23.2 Repeatable Performance Scenarios
23.2.1 Test System
In any performance tuning scenario, it is best to have a "controlled environment" such that running the same test multiple times will result in the same (or nearly the same) outcome. In addition, it should be a test system where running tests, recycling servers, modifying configurations, or adding heavy traces does not impact production. This isolates the impact of your changes to the change itself and reduces "noise."
This test system should also be similar to the production system so that it can be used to accurately predict the performance of the production system. Items here would include software levels, access to enterprise information servers (DB2, CICS, IMS, etc.), memory, and so on. The actual CPU resource of a test system is normally smaller than the production system.
23.2.2 Test Tools
There are many excellent test tools that can be used to generate sample browser workloads. These tools are ideal for performance work as the same scripts (same requests, same number of concurrent users, and same wait time) can be run repeatedly. We do not review individual tools available in this document, other than to say that most of them can adequately drive load against your system.
When using the test tools, it is best to set up test scripts that resemble a particular set of functions in the application. The simpler scripts may yield more predictable behavior and isolate smaller levels of functionality. These are ideal, especially if a problem is occurring. For example, you might want to create a test script for each individual transaction and capture performance data with multiple users executing the same transaction. You might also want to have a test script with multiple users concurrently executing all transactions so you can study the interactions of your transactions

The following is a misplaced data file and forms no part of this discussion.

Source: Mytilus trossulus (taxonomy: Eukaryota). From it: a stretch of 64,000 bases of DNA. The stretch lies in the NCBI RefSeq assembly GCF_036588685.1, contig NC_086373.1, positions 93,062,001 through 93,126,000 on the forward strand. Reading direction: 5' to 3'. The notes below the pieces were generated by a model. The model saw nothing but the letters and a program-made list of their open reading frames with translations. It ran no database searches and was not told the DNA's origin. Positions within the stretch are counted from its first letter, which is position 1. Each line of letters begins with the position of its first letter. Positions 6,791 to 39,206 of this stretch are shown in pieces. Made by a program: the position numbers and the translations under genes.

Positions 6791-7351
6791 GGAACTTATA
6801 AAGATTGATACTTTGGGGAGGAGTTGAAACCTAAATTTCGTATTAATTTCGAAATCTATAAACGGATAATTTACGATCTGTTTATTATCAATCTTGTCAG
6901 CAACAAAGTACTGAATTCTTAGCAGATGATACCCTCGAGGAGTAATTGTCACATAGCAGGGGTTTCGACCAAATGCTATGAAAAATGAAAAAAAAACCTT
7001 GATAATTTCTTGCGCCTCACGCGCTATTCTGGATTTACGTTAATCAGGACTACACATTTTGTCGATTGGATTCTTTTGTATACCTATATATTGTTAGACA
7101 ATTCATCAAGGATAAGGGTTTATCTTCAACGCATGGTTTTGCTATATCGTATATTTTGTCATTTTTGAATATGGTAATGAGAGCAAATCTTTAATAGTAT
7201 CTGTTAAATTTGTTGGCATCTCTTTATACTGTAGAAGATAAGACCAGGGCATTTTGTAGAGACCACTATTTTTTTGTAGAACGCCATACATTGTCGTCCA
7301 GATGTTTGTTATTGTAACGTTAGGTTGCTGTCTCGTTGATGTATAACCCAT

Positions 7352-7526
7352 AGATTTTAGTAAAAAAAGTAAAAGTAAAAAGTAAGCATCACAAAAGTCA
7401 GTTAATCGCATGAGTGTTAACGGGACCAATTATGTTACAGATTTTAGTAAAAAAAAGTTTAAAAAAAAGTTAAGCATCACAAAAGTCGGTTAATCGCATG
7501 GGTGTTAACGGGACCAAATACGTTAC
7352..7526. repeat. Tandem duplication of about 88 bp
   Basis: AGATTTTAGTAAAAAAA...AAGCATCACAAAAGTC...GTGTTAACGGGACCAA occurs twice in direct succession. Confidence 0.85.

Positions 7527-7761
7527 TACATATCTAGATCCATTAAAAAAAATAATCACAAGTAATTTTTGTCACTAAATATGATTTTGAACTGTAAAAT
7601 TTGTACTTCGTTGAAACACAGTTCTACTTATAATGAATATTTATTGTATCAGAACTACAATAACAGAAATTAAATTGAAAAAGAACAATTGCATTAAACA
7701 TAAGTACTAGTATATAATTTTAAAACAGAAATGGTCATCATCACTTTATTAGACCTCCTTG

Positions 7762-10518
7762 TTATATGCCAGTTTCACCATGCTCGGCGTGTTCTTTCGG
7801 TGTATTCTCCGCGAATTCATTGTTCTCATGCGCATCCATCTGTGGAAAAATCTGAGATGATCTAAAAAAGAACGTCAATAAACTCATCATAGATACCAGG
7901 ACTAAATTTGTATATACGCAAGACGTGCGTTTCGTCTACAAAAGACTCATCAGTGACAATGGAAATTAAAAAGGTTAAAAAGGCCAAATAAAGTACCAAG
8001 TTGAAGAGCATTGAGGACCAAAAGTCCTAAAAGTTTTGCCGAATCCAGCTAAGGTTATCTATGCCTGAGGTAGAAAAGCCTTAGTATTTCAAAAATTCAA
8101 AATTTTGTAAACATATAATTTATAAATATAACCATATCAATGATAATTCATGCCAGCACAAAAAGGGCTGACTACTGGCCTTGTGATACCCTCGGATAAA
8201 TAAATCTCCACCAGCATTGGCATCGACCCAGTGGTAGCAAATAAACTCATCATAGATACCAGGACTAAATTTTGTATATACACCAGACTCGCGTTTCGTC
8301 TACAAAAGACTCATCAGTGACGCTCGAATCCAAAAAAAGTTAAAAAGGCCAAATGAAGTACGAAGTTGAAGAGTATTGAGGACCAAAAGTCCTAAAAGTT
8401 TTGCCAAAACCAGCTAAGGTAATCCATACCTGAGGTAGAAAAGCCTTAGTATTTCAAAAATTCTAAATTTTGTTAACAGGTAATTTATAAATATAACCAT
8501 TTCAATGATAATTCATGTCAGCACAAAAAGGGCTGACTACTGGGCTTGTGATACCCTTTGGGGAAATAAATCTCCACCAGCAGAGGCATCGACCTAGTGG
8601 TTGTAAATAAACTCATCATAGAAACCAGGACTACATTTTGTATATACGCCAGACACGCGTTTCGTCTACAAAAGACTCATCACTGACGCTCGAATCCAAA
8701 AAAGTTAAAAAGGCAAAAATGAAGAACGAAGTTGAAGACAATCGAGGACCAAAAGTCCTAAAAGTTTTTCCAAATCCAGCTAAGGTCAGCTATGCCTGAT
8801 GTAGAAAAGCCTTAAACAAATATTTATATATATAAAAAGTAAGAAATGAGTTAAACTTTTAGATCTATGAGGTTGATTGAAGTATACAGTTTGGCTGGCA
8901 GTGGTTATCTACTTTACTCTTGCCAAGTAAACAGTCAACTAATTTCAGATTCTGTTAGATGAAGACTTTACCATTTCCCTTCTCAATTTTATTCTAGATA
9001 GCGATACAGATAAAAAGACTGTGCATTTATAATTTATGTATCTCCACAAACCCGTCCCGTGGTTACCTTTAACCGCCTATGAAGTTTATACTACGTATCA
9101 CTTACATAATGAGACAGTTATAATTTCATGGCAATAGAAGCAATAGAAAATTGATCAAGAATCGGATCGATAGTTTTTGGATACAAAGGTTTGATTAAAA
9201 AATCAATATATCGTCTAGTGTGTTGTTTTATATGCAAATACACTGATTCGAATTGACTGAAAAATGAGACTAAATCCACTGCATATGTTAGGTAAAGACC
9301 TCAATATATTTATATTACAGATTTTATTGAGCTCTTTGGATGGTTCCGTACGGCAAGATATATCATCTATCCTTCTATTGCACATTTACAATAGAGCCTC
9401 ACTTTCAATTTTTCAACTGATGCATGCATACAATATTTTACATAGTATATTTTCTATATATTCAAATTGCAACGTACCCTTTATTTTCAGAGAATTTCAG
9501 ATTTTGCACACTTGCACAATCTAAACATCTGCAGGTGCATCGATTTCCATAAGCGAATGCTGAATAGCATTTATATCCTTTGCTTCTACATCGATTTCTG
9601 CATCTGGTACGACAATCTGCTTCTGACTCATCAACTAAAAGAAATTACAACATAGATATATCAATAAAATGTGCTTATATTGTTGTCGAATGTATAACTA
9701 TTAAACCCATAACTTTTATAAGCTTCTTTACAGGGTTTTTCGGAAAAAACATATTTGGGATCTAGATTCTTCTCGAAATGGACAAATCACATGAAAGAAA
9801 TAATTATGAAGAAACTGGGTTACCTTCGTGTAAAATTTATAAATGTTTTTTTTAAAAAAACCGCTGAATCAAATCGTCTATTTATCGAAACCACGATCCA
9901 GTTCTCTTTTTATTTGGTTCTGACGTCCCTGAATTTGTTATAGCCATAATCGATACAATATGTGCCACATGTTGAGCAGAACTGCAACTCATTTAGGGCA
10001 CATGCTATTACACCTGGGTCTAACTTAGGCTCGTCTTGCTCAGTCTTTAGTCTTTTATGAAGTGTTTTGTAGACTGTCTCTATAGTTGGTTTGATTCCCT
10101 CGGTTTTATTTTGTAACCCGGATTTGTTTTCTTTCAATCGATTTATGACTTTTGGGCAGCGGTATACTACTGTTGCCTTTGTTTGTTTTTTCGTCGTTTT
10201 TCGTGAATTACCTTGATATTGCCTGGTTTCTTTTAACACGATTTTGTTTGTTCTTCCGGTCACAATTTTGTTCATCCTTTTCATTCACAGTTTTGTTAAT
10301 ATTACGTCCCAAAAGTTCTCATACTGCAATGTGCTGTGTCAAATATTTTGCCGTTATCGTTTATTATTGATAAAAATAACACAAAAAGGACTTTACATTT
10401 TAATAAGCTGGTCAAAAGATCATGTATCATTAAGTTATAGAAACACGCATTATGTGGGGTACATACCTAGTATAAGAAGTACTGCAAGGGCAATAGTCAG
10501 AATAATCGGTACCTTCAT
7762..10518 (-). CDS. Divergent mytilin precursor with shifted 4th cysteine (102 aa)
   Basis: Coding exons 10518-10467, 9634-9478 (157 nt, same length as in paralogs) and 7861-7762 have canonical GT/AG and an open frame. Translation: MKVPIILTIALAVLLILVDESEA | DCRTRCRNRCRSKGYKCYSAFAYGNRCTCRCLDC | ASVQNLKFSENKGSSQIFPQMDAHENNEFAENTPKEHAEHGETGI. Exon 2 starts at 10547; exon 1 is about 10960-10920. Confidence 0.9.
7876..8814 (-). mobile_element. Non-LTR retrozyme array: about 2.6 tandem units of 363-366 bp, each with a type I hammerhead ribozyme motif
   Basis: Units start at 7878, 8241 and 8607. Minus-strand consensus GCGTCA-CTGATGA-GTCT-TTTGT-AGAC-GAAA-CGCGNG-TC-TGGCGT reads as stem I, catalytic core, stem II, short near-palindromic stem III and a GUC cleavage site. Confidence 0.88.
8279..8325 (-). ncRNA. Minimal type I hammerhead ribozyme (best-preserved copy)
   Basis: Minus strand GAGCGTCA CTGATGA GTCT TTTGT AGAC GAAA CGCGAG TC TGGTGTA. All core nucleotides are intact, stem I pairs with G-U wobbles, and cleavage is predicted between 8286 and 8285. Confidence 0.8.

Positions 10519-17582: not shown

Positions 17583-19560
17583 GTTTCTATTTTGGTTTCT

If it is feasible to create a representative workload without making updates to the database, this is an ideal situation. If this is not the case, then the back-end data store needs to be periodically reset.
18.104.22.168 Restoring the Data for Each Test
Resetting the data store in DB2 is the most common requirement. This can be done via various third party tools or simply by unloading and reloading the specified tables. The unload and reload methods run quickly and reset the database to a consistent state before each test. While the unload need only occur once (when the database is in an initial state that is ideal for the test), the reload should run before each test. It is a good idea to also call run RunStats after each reload (can be an added step in the reload job). Resetting other resources is beyond the scope of this chapter.
23.2.3 Simplification of Scenario
It is best to have the simplest possible scenario to re-create any situation on the system. Applications can become complex, including back-end data stores or execution environments, and network infrastructure, including firewalls, and so on. Initial performance testing should include as much of this complexity as is feasible. If a workload does not meet expectations, it is often best to break it down into the simplest component parts feasible. This can isolate the problem component(s), and it makes it easier for any external support to re-create and work on the problem.
Using test tools placed close to the system under test (SUT), it is often a simple procedure to eliminate firewalls, Web servers, and other network components, thus isolating the work in the J2EE server and the back ends.